Selling Your Home in the Snowy Weather

How to Sell Your Home in a Snowstorm—and Other Wonderful Winter Advice

 | Nov 23, 20157

We won’t lie: Selling your home in the winter is a whole different experience than during the easy, breezy summer months. Rain, snow, or other crappy weather has a way of obscuring your home’s best attributes (such as a lush lawn or amazing in-ground pool) while also highlighting its flaws (roof leaks, anyone?). Still, that doesn’t mean you should just throw in the towel until spring. Here are some Realtor®-approved tactics to pique the interest of plenty of home buyers during the winter months. Try a few to jolt your home selling out of its deep freeze.

Adjust how you spread the word

A winter home can sell, but it requires a different promotion strategy—both online and in person. Sven Andersen of The Andersen Team suggests increasing the frequency of your Facebook advertisements, targeting different groups and income ranges. He also recommends jazzing up “For Sale” signs with balloons to make them more visible (and festive) to passers-by. Make sure your Realtor has a strong, winterized marketing plan in place.

Prepare for unfortunate revelations

During winter, it’s crucial to consider what could go wrong with your home due to the elements—perhaps puddles in your lawn or a leaky roof. While the obvious solution is just to fix these problems ahead of time, if you can’t, it doesn’t mean all is lost. For instance, if grading and drainage issues are plaguing your yard, get a few quotes about how much it would cost to fix them. You can then decide with your Realtor how much of that cost you would be willing to pay during the closing process. That way, if a potential buyer points out the problems, you have a ready response to keep the momentum rolling rather than letting it grind to a halt.

Provide photos of your home during sunnier times

It’s hard for buyers to imagine how beautiful your home and yard look in summer when it’s currently covered in winter snow. So why not show them photos? Images of your home during the warmer seasons should be front and center—not only in your listing but also printed on fliers at your open house along with your floor plan and other materials. Ideally, Andersen says, if you have the luxury of foresight, “Have your home professionally photographed by a real estate photographer while the grass is green.” Or if it’s too late for professional photos, personal pictures will do the trick.

Warm up your open house

During the winter, homes that exude a cozy, comfy ambiance are especially attractive. And there are plenty of ways to create that vibe for potential buyers, starting from the moment they walk through the front door.

“Things can be muddy and mucky outside when it rains,” says Realtor Tara Moore of Orlando, FL.

That means you’ll probably want visitors to take off their shoes or boots before walking through your home. One way to do this with flair is to set out a basket of booties or slippers alongside a note asking visitors to swap out their muddy footwear. You will keep your home cleaner while making your guests feel cared for.

Got a fireplace? Throw a log on it, even if it’s not ablaze. If baking cookies feels too cliché, consider a more seasonably appropriate swap such as apple cider doughnuts. (Delicious!)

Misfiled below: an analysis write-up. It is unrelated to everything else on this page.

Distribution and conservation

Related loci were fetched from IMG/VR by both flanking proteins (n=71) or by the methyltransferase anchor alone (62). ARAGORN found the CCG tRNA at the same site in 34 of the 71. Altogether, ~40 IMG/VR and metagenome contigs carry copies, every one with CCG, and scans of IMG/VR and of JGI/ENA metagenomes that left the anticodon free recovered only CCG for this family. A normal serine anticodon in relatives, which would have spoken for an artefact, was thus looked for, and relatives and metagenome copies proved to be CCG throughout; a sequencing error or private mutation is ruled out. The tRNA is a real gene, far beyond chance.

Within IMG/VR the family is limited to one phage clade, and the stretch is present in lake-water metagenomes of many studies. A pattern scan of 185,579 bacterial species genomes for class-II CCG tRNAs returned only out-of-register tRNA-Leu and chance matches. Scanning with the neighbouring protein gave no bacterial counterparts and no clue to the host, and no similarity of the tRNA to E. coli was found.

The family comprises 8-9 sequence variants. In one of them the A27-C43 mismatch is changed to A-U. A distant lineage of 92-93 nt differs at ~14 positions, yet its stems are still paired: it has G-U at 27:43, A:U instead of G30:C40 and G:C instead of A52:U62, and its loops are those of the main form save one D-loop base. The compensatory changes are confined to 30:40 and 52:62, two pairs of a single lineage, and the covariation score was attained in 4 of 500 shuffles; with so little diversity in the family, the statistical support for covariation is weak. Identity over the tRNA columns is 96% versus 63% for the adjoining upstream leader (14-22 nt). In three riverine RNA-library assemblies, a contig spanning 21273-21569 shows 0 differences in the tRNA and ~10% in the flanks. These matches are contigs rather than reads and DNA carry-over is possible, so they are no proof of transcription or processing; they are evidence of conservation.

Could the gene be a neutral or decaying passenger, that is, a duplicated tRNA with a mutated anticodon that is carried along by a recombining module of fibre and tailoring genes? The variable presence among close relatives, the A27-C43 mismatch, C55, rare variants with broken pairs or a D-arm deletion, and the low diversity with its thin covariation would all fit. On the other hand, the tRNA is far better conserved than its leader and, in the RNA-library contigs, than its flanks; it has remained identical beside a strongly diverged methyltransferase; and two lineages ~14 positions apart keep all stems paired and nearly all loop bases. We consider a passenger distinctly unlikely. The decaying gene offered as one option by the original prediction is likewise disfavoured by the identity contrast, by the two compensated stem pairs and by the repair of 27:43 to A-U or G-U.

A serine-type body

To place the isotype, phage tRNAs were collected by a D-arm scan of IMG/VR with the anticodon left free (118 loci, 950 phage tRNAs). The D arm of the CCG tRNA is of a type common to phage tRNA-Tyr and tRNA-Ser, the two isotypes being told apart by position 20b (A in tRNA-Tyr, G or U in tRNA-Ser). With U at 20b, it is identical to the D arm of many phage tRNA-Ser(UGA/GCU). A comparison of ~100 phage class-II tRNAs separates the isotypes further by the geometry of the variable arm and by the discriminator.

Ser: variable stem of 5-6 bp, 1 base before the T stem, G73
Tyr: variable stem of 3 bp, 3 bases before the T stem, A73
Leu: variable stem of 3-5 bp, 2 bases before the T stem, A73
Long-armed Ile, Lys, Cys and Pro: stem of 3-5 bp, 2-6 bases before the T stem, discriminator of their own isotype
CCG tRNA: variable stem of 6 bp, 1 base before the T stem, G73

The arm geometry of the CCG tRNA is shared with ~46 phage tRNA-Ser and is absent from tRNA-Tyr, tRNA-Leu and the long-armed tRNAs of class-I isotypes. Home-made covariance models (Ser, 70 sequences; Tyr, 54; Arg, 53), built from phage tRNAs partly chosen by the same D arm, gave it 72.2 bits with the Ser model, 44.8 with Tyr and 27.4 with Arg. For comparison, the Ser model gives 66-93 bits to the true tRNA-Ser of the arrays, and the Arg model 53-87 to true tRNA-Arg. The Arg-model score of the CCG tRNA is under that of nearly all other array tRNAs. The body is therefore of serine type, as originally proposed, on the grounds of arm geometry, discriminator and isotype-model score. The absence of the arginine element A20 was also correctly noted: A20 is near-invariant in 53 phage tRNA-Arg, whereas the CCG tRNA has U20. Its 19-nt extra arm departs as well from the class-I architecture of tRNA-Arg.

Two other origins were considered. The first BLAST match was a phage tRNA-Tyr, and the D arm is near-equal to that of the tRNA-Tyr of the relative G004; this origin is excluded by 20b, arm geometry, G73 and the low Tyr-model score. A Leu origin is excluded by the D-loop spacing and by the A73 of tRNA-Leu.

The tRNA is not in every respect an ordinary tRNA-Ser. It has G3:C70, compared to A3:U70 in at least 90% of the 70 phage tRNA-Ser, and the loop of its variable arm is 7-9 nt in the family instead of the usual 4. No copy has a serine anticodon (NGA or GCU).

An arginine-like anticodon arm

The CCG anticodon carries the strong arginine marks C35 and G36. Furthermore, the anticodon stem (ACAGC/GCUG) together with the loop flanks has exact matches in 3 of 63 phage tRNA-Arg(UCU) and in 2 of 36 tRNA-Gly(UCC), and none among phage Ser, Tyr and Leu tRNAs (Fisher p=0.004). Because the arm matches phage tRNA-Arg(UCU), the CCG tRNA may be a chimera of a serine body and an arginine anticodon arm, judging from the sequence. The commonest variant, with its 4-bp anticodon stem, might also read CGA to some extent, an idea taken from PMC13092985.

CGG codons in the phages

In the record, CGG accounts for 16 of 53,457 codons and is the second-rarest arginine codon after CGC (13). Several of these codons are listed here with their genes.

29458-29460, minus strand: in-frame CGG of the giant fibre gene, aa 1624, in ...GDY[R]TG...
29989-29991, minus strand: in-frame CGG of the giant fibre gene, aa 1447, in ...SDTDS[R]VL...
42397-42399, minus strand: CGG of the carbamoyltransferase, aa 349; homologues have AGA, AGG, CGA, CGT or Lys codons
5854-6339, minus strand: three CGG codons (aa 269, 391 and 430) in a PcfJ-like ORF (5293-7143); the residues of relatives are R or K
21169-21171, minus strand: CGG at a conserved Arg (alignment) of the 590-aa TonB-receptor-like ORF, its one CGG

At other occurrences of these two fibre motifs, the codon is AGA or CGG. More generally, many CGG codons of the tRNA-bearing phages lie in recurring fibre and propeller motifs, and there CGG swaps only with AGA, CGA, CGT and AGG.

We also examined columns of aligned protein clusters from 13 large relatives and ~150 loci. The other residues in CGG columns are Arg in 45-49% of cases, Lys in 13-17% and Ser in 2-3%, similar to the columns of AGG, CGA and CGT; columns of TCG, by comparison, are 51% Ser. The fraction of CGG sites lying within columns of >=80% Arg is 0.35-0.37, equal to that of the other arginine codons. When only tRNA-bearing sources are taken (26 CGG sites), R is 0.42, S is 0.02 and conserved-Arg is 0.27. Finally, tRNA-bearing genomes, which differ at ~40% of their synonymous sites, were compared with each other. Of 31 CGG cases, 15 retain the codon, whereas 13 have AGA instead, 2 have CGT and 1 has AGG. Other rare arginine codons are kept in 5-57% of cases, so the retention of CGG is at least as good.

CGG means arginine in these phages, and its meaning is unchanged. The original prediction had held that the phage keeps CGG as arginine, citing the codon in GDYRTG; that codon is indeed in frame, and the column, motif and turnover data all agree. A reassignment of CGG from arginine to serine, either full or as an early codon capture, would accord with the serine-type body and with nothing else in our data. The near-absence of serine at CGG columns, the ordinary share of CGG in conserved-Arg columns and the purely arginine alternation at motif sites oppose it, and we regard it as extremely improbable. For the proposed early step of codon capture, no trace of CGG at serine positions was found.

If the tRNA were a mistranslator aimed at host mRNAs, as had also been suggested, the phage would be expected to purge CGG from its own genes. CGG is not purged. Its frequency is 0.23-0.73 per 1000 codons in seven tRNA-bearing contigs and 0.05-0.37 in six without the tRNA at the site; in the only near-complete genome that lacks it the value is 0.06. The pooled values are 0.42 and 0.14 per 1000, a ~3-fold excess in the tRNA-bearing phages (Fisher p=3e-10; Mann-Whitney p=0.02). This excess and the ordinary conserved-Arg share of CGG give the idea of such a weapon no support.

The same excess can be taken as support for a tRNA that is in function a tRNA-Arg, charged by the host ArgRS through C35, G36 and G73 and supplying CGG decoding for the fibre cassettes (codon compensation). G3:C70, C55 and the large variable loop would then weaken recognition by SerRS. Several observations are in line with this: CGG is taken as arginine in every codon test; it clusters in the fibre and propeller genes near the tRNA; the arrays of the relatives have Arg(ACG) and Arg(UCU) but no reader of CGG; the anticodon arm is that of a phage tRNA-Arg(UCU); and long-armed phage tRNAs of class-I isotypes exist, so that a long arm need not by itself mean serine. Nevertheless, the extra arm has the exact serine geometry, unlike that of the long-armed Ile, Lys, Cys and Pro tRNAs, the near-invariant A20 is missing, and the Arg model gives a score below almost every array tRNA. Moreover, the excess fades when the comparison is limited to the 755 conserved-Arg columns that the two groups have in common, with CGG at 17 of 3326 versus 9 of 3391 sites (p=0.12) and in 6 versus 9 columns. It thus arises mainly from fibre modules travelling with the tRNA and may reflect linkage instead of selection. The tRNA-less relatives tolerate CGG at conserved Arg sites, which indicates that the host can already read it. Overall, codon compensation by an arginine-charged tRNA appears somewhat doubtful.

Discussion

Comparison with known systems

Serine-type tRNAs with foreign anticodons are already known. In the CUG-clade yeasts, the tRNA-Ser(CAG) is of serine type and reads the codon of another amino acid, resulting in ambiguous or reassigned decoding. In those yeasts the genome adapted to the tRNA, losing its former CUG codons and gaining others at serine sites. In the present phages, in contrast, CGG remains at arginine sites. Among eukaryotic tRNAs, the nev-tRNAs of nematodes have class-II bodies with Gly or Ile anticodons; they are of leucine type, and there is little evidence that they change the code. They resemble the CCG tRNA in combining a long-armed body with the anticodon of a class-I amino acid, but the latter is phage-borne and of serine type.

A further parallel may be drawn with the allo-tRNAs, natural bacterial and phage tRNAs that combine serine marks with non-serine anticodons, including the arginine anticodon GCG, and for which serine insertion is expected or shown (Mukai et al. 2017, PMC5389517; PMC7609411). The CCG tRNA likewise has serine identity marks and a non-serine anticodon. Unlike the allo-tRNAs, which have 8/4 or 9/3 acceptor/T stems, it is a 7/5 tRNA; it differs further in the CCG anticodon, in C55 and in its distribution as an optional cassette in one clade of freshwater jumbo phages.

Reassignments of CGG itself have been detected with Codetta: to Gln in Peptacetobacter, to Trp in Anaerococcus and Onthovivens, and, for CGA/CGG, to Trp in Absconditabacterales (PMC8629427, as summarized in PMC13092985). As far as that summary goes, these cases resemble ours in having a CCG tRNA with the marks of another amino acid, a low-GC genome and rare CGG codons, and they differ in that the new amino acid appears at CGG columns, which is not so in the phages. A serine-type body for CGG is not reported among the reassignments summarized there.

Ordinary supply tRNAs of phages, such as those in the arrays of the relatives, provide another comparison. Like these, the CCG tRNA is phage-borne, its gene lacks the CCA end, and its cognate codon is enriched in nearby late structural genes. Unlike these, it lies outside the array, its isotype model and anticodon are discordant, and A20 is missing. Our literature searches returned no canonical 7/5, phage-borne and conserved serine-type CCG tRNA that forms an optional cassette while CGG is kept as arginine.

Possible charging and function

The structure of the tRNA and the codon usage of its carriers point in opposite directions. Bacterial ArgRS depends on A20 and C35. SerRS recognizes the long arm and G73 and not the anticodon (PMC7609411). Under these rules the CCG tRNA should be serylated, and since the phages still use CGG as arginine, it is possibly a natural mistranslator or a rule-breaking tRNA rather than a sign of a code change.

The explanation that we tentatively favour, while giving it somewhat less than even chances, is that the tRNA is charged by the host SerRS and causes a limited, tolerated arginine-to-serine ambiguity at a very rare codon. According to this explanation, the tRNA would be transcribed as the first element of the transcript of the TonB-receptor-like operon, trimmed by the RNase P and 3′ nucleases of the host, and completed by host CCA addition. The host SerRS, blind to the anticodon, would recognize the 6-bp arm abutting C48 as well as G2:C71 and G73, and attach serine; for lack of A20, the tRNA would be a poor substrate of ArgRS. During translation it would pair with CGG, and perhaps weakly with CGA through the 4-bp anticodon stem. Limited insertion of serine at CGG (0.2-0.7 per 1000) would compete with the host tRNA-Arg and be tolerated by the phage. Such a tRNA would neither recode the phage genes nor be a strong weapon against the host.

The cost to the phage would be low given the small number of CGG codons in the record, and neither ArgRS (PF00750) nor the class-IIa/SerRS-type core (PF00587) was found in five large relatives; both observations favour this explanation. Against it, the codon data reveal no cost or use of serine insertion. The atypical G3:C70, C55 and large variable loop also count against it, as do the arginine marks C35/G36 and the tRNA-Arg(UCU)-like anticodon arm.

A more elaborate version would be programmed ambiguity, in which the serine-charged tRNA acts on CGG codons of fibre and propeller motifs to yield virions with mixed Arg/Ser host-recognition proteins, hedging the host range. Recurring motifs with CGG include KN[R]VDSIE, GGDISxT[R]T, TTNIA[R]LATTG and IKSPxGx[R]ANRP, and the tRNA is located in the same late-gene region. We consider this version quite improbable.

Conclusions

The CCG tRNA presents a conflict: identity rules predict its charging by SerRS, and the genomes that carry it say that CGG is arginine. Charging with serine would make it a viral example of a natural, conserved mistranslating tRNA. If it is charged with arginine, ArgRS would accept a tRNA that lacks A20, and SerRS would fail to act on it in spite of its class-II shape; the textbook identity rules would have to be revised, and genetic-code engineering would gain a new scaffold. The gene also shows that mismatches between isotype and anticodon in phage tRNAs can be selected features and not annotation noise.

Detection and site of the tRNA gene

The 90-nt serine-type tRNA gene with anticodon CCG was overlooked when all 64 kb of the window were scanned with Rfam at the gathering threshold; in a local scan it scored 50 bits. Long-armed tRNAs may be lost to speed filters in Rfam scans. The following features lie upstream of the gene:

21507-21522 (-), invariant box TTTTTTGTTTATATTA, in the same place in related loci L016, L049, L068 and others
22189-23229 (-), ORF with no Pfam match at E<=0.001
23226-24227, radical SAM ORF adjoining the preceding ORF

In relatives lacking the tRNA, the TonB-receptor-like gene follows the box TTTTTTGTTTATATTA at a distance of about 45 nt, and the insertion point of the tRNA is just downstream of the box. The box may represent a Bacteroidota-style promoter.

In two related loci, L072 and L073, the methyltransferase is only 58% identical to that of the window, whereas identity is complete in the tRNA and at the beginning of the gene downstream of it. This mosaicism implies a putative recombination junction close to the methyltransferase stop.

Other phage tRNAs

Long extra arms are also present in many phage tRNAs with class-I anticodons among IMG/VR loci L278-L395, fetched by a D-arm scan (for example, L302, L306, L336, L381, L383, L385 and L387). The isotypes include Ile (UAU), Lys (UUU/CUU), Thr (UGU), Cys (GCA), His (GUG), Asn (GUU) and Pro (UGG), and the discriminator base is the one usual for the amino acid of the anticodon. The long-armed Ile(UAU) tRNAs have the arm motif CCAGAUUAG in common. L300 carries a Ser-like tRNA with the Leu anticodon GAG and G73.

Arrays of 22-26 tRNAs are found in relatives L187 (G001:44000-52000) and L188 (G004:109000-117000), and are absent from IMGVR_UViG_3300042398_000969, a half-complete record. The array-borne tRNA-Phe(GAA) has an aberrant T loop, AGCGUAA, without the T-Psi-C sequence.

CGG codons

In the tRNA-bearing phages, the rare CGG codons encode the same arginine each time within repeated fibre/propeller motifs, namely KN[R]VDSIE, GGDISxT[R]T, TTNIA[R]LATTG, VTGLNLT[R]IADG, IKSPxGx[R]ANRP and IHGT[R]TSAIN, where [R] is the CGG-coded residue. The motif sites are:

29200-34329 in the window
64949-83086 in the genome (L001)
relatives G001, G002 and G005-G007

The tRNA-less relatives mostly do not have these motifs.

Clear a path to your front door

While there are plenty of ways to make your landscaping pop in winter, if you have the time, there’s one rule you can’t ignore no matter how busy you are: You have to shovel the walkways and driveway. Yes, it sucks, but someone’s gotta do it. You could even pay your neighbor’s kid to do this.

“Some people are, like, ‘Oh, it will be fine,'” says Andersen. It’s not. “Make sure they’re clean and safe for people that are coming.”

Because, nothing makes selling a home in the winter more of a headache than a lawsuit. And even if you escape that particular pain, cleaning up your front walk only serves to make your home look polished and presentable—and far more worthy of purchase.

Jamie Wiebe writes about home design and real estate for She has previously written for House Beautiful, Elle Decor, Real Simple, Veranda, and more.
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This blog was posted on on March 21, 2018.

Easter Happenings on the Southcoast

It’s the first day of Spring and we still have snow on the ground and the Fourth Nor’easter knocking on our door promising more snow.  Winter really does not want to quit.  Nonetheless, Easter is less than two weeks away and it’s time to think Spring.  Here are some of the local Easter activities in the Southcoast.

Plumb Corner Mall will be having their annual Easter Egg Hunt, Saturday, March 31st from 12-2 pm.  Activities include DJ Howie, Bubble Guy and more.  Start your Easter holiday and bring the kids out for this fun event.

The Friends of the Mattapoisett Council of Aging will be having an Easter Pie and Bake Sale on Saturday, March 31st from 8:30 am to noon at the American Legion Hall, 3 Depot St. Mattapoisett.

Flashlight Easter Egg Hunt : Friday, March 23rd.  7:30 pm.  Rain/snow date, March 30th.  Bring a flashlight and basket to search for eggs and prizes in the dark.  Ages 2-12.  $5 members, $7 non members at the Gleason Family YMCA Charge Pond Rd. Wareham. Limited to the first 200 to register.    ymcasouthcoast

Mattapoisett Lions Club’s Annual Egg Hunt:  March 31st at 11:00am sharp. Veteran’s Park, Ned’s Point Lighthouse.  Free!  All ages welcome.

Family Easter Egg Hunt:  Saturday, March 24th, 2018. 11:00 am sharp.  rain date: Saturday, March 31st.  Prospect Park/ Bandshell.   Come early for a pancake breakfast at Marc Anthony’s from 9-11 am.  $5 adult, $3 children.  

Usher in Spring with these great events.  Maybe the weather will follow.